This year was a lot of fun. My talk was on the Thursday, which meant that there was most of the week spent going “eep” and making sure I was ready for it.
Total hats off to the organisers – you may have heard about a small area of Queensland (about the area of France and Germany combined – or ~ twice that of Texas) was declared a disaster area a couple of weeks before the conference. Honestly, if you didn’t hear about it, you wouldn’t have noticed.
Sunday night we had a gathering of linux.conf.au Ghosts of Conferences Past. We refer to those previously involved in running an LCA “Ghosts” – a wealth of knowledge for future teams. One of the most amusing tales was John Ferlito asking people what would they have done if just less than two weeks out they had to change venues. The consensus: curl up in a corner and cry hoping it would all just go away.
The lca2011 organisers didn’t.
So on the Monday I managed to catch a few good talks. In the morning I seemed to stalk Pia in her two talks: “Applying martial arts to the workplace: your guide to kicking arse” and “Cloud computing: finding the silver lining for government” in the Haeksen and Freedom In The Cloud miniconfs respectively.
If you didn’t manage to catch the martial arts talk, check out Pia’s blog post on it. I also strongly recommend a good martial arts school (contact me if you want).
The big take away for me from the Cloud in Government talk was that I really should go and read the AGIMO Cloud Strategy document. The other take away for me was that while government is looking at using new technology it is not currently thinking at all about individuals rights (such as privacy), security and safety in the cloud.
I have been known to rock up to talks with no real idea of the content but on the hope that it could end up being cool. This was the next one I went to. The title: “Open Source: Saving the World” sounded like a lovely idea and the speaker, Noirin is pretty cool. It turns out there’s some really awesome open source software out there for dealing with natural disasters, incidents of violence and education. Go check out the Lanka software foundation, the SAHANA Disaster Management System, Ushahidi (coming out of Kenya to track incidents of violence) and the Talking Book (a little yellow box that records and plays back audio).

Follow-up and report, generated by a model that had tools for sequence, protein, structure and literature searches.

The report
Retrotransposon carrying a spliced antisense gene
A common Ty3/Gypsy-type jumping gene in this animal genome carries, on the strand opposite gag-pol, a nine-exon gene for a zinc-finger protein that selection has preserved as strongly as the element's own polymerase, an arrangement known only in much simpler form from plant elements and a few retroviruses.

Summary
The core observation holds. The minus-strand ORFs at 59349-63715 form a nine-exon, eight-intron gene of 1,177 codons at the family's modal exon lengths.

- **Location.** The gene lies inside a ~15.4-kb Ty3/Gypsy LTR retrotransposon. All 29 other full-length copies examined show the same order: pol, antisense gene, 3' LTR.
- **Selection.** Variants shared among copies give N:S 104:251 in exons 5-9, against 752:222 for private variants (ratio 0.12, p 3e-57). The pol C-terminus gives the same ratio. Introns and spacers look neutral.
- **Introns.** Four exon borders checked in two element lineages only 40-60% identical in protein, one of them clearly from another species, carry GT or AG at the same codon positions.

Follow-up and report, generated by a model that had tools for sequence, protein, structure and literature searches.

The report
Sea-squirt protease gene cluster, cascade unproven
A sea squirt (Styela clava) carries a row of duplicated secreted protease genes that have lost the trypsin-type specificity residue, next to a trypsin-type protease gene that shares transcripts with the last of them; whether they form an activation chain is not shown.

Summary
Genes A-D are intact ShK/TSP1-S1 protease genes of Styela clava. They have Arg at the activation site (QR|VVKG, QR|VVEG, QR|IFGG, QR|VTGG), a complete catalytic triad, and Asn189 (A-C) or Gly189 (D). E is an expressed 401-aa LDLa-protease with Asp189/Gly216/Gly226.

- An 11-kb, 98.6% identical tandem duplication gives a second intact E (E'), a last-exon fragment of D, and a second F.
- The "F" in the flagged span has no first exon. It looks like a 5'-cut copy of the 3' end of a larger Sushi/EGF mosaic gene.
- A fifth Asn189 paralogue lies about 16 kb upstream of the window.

I checked out Aeriana’s talk on overcomplicating home networks… and a bit too much of it was familiar :) I also have ideas.
Daniel Stone’s talk on input in X and everything related was interesting – there is a lot of historical things around and some truly bizarre things. Think: grabs are what grabs all input and makes you sad and OMG Multi-Pointer-X exists and it’s all backwards compatible OMG. I haven’t even mentioned the bits that allow your keyboard to have a key that makes demons fly from the screen and aÂ harpsichordÂ to play tunes while they do.
I managed to catch Matthew Garrett’s talk “License compliance in Open SourceÂ business” talk. The fact that the very first store he walked into after arriving in Australia was selling a device that violates his copyright is, well, not a good sign.
At the end of the Monday I managed to catch about the last half of “Training Allies” that was the last session in the Haecksen miniconf. This was a pretty good session with a rather packed room (standing room only). This is rather promising I think.